3.4 Commodity forwards 61

3.5 Futures contracts 62

3.6 Summary 70

3.7 Exercises 72

4 Swaps 75

4.1 Framework 76

4.2 Interest rate swaps 77

4.3 Currency swaps 87

4.4 Credit default swaps 90

4.5 Commodity swaps 93

4.6 Summary 95

4.7 Exercises 96

5 Options 99

5.1 Framework 100

5.2 Basic options 102

5.3 Main uses of options 107

5.4 Investment strategies with basic options 110

5.5 Summary 114

5.6 Exercises 116

6 Engineering basic options 119

6.1 Simple mathematical functions for financial engineering 119

6.2 Parity relationships 122

6.3 Additional payoff design with calls and puts 126

6.4 More on the put-call parity 129

6.5 American options 133

6.6 Summary 136

6.7 Exercises 137

7 Engineering advanced derivatives 141

7.1 Exotic options 141

7.2 Event-triggered derivatives 150

7.3 Summary 154

7.4 Exercises 156

8 Equity-linked insurance and annuities 159

8.1 Definitions and notations 160

8.2 Equity-indexed annuities 161

8.3 Variable annuities 165

8.4 Insurer’s loss 171

8.5 Mortality risk 173

8.6 Summary 177

8.7 Exercises 179

Part II Binomial and trinomial tree models 183

9 One-period binomial tree model 185

9.1 Model 185

9.2 Pricing by replication 190

9.3 Pricing with risk-neutral probabilities 195

9.4 Summary 198

9.5 Exercises 199

10 Two-period binomial tree model 201

10.1 Model 201

10.2 Pricing by replication 212

10.3 Pricing with risk-neutral probabilities 220

10.4 Advanced actuarial and financial examples 225

10.5 Summary 233

10.6 Exercises 236

11 Multi-period binomial tree model 239

11.1 Model 239

11.2 Pricing by replication 250

11.3 Pricing with risk-neutral probabilities 259

11.4 Summary 263

11.5 Exercises 265

12 Further topics in the binomial tree model 269

12.1 American options 269

12.2 Options on dividend-paying stocks 276

12.3 Currency options 279

12.4 Options on futures 282

12.5 Summary 287

12.6 Exercises 289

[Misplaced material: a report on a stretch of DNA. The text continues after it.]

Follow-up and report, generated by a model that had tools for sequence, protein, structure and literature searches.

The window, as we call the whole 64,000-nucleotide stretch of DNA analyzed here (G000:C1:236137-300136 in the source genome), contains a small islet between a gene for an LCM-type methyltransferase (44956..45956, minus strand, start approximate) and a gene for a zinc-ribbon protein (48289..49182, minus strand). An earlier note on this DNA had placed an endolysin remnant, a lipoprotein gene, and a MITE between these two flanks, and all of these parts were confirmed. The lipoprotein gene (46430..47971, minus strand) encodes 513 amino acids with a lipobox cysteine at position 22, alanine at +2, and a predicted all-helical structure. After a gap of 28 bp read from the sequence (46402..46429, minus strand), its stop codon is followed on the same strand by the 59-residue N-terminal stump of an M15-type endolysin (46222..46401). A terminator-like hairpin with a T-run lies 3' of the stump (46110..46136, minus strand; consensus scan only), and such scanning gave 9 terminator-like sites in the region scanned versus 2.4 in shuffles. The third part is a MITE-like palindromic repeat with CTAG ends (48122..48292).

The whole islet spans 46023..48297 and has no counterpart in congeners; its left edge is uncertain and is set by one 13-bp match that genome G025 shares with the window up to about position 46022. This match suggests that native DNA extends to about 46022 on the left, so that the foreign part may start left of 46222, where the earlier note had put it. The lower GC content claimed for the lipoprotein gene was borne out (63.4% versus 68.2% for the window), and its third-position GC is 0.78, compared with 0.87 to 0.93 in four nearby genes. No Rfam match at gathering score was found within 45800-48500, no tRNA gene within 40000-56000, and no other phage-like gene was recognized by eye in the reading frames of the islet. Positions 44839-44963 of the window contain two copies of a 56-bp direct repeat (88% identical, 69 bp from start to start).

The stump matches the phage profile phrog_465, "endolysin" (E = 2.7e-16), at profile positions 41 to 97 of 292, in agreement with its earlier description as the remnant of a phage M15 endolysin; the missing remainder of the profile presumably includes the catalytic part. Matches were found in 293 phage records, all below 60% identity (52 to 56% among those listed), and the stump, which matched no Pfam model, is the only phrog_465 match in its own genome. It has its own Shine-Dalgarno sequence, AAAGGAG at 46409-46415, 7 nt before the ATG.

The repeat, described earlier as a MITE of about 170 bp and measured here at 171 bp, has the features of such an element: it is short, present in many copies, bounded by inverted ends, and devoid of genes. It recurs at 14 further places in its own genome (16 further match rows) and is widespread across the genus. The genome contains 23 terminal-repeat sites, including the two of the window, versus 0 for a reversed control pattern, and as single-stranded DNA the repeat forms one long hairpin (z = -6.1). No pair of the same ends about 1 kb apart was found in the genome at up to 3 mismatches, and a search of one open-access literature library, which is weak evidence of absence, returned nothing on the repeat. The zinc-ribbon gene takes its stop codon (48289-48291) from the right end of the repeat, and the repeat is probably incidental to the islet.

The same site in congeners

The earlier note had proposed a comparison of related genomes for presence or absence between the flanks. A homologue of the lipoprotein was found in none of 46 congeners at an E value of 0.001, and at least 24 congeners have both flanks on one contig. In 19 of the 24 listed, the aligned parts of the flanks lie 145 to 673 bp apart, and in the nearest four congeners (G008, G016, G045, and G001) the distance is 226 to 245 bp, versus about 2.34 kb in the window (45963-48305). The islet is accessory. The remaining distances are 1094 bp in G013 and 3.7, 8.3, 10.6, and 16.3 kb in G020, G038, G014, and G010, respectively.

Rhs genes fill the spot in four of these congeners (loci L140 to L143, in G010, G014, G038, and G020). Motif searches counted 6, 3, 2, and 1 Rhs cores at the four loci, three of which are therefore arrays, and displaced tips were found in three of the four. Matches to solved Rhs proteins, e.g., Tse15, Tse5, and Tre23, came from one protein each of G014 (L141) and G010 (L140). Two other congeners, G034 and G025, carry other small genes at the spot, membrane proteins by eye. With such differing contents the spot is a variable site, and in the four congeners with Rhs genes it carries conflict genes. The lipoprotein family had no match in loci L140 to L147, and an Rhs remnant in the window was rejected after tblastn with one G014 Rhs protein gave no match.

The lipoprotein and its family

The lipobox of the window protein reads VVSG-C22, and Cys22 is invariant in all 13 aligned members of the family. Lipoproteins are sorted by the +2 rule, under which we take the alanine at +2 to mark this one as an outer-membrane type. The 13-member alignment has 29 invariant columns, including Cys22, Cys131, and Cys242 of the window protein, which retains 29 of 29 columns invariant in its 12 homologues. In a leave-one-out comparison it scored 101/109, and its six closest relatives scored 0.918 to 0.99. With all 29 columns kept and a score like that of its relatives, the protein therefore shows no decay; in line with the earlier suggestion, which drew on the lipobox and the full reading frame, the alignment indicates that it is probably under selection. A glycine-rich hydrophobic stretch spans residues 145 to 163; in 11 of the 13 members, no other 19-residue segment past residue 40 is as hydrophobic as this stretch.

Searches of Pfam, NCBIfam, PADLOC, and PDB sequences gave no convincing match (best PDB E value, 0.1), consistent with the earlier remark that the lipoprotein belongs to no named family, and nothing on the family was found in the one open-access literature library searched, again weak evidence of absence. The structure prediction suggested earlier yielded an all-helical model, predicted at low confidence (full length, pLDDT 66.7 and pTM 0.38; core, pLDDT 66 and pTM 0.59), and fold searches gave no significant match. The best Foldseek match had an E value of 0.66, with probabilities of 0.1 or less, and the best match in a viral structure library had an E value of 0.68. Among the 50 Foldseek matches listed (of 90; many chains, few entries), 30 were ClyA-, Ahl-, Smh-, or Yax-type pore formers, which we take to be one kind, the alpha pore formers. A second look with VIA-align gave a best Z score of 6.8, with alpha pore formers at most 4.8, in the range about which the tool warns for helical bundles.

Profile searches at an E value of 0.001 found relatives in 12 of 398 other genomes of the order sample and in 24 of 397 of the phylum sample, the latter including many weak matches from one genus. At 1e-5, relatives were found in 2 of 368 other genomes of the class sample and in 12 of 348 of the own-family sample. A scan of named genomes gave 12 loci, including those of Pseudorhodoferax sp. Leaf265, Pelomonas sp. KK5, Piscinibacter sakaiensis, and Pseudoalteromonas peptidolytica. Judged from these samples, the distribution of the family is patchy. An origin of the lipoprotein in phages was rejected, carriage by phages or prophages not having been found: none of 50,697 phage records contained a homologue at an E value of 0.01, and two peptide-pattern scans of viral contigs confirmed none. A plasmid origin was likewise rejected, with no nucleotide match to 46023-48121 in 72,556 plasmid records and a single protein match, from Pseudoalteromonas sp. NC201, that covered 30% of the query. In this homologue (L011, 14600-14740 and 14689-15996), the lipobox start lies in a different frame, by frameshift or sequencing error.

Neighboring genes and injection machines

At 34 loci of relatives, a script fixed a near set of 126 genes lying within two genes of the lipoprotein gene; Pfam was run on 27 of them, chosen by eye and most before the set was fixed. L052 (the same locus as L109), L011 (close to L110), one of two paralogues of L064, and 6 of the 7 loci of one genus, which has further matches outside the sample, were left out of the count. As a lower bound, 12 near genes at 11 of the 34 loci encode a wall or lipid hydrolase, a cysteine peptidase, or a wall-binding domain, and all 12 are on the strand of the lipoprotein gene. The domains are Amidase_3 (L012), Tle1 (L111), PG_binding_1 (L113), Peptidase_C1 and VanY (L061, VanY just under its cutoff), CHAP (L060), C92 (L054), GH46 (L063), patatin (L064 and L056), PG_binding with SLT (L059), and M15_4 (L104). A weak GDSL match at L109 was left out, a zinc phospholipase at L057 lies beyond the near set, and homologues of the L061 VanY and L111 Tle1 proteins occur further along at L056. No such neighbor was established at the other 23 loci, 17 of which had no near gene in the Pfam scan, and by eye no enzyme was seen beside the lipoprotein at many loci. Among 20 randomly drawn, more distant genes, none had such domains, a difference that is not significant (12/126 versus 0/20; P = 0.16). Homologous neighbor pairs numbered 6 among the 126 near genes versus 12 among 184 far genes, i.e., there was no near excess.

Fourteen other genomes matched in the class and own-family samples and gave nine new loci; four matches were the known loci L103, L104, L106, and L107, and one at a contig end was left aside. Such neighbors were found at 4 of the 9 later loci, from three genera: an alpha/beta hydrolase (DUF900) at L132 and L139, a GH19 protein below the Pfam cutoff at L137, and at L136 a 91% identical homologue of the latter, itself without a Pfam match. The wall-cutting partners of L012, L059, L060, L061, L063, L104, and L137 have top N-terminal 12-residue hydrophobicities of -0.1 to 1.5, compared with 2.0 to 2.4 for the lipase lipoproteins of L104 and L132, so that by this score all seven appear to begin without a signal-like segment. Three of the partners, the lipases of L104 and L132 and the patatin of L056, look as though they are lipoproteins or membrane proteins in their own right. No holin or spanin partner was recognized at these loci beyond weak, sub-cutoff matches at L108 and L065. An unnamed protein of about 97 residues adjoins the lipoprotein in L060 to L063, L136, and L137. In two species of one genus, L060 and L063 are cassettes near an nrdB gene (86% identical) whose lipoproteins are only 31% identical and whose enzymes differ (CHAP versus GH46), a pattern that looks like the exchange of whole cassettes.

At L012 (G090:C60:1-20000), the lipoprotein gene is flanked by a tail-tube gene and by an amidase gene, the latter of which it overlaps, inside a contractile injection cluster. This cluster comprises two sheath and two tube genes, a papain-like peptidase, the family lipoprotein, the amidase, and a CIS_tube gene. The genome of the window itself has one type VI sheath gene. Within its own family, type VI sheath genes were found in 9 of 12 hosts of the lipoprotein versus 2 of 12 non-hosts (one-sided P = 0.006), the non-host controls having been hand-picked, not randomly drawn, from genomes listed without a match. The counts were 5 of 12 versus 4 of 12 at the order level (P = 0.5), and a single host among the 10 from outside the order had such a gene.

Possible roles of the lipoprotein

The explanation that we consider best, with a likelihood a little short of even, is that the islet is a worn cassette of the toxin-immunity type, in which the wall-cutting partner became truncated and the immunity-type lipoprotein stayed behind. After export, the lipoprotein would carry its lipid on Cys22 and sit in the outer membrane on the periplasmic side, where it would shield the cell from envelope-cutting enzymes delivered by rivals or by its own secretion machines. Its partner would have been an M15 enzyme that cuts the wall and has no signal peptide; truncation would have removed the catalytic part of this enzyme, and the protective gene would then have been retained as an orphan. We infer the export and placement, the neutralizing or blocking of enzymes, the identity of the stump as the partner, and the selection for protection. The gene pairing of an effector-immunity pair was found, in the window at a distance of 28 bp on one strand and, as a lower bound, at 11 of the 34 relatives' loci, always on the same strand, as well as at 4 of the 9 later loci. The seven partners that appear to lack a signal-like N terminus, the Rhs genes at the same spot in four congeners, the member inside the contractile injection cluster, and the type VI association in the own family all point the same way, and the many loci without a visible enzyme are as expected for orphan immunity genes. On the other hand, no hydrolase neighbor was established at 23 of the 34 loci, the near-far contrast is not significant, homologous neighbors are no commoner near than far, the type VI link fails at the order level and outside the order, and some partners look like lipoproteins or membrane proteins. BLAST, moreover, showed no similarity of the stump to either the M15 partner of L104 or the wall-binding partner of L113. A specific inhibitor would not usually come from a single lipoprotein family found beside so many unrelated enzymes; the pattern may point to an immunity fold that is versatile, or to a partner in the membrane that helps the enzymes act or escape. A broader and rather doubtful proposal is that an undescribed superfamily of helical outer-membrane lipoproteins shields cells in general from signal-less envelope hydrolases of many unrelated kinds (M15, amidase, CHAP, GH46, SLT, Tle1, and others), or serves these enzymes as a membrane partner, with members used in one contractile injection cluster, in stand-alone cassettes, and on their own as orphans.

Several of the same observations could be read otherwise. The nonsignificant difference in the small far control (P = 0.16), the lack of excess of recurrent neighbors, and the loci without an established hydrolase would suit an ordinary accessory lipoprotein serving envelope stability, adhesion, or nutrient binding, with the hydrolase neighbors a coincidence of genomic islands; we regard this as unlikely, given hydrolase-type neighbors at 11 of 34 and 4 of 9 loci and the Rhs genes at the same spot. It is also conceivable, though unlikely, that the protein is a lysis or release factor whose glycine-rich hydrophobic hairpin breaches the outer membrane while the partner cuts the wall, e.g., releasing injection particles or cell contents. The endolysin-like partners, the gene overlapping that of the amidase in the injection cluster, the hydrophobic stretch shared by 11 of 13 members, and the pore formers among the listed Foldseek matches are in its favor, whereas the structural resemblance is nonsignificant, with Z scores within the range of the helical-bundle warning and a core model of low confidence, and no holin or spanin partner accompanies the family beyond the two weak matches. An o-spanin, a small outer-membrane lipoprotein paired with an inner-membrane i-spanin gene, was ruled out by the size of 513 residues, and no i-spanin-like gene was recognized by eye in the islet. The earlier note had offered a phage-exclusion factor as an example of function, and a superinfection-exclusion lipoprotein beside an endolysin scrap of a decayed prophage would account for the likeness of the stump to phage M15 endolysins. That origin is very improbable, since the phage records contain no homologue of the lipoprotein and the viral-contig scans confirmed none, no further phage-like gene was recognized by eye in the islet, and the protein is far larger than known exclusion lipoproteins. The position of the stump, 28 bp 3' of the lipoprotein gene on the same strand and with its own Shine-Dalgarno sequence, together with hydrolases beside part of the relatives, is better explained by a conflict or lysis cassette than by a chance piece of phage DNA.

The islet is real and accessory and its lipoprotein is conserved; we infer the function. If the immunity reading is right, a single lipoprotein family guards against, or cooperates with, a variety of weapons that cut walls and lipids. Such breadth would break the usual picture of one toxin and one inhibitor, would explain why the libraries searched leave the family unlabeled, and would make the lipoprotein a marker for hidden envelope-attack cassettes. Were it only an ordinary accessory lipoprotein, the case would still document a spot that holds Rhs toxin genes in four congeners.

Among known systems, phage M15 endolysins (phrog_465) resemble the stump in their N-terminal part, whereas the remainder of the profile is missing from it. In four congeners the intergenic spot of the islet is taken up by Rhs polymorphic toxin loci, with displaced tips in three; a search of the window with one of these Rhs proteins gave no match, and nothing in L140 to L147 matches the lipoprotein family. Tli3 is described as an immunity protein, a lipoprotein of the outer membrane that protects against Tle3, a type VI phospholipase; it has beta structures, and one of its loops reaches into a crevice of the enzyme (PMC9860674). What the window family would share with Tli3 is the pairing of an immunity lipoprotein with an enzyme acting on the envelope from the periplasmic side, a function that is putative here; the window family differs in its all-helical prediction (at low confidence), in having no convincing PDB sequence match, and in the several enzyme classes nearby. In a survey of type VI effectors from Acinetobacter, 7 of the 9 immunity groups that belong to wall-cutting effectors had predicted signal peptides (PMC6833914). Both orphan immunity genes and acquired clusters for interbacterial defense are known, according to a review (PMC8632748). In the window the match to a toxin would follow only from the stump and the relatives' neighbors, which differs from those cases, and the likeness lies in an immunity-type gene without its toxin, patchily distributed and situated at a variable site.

13 Market incompleteness and one-period trinomial tree models 291

13.1 Model 292

13.2 Pricing by replication 296

13.3 Pricing with risk-neutral probabilities 306

13.4 Completion of a trinomial tree 313

13.5 Incompleteness of insurance markets 316

13.6 Summary 319

13.7 Exercises 321

Part III Black-Scholes-Mertonmodel 325

14 Brownian motion 327

14.1 Normal and lognormal distributions 327

14.2 Symmetric random walks 333

14.3 Standard Brownian motion 336

14.4 Linear Brownian motion 347

14.5 Geometric Brownian motion 351

14.6 Summary 359

14.7 Exercises 362

15 Introduction to stochastic calculus*** 365

15.1 Stochastic Riemann integrals 366

15.2 Ito’s stochastic integrals 368

15.3 Ito’s lemma for Brownian motion 380

15.4 Diffusion processes 382

15.5 Summary 389

15.6 Exercises 391

16 Introduction to the Black-Scholes-Mertonmodel 393

16.1 Model 394

16.2 Relationship between the binomial and BSM models 397

16.3 Black-Scholes formula 403

16.4 Pricing simple derivatives 410

16.5 Determinants of call and put prices 414

16.6 Replication and hedging 417

16.7 Summary 428

16.8 Exercises 430

17 Rigorous derivations of the Black-Scholes formula*** 433

17.1 PDE approach to option pricing and hedging 433

17.2 Risk-neutral approach to option pricing 440

17.3 Summary 451

17.4 Exercises 452

18 Applications and extensions of the Black-Scholes formula 455

18.1 Options on other assets 455

18.2 Equity-linked insurance and annuities 463

18.3 Exotic options 473

18.4 Summary 484

18.5 Exercises 485

19 Simulation methods 487

19.1 Primer on random numbers 488

19.2 Monte Carlo simulations for option pricing 490

19.3 Variance reduction techniques 497

19.4 Summary 513

19.5 Exercises 516

20 Hedging strategies in practice 519

20.1 Introduction 520

20.2 Cash-flow matching and replication 521

20.3 Hedging strategies 523

20.4 Interest rate risk management 527

20.5 Equity risk management 533

20.6 Rebalancing the hedging portfolio 546

20.7 Summary 548

20.8 Exercises 551

References 555

Index 557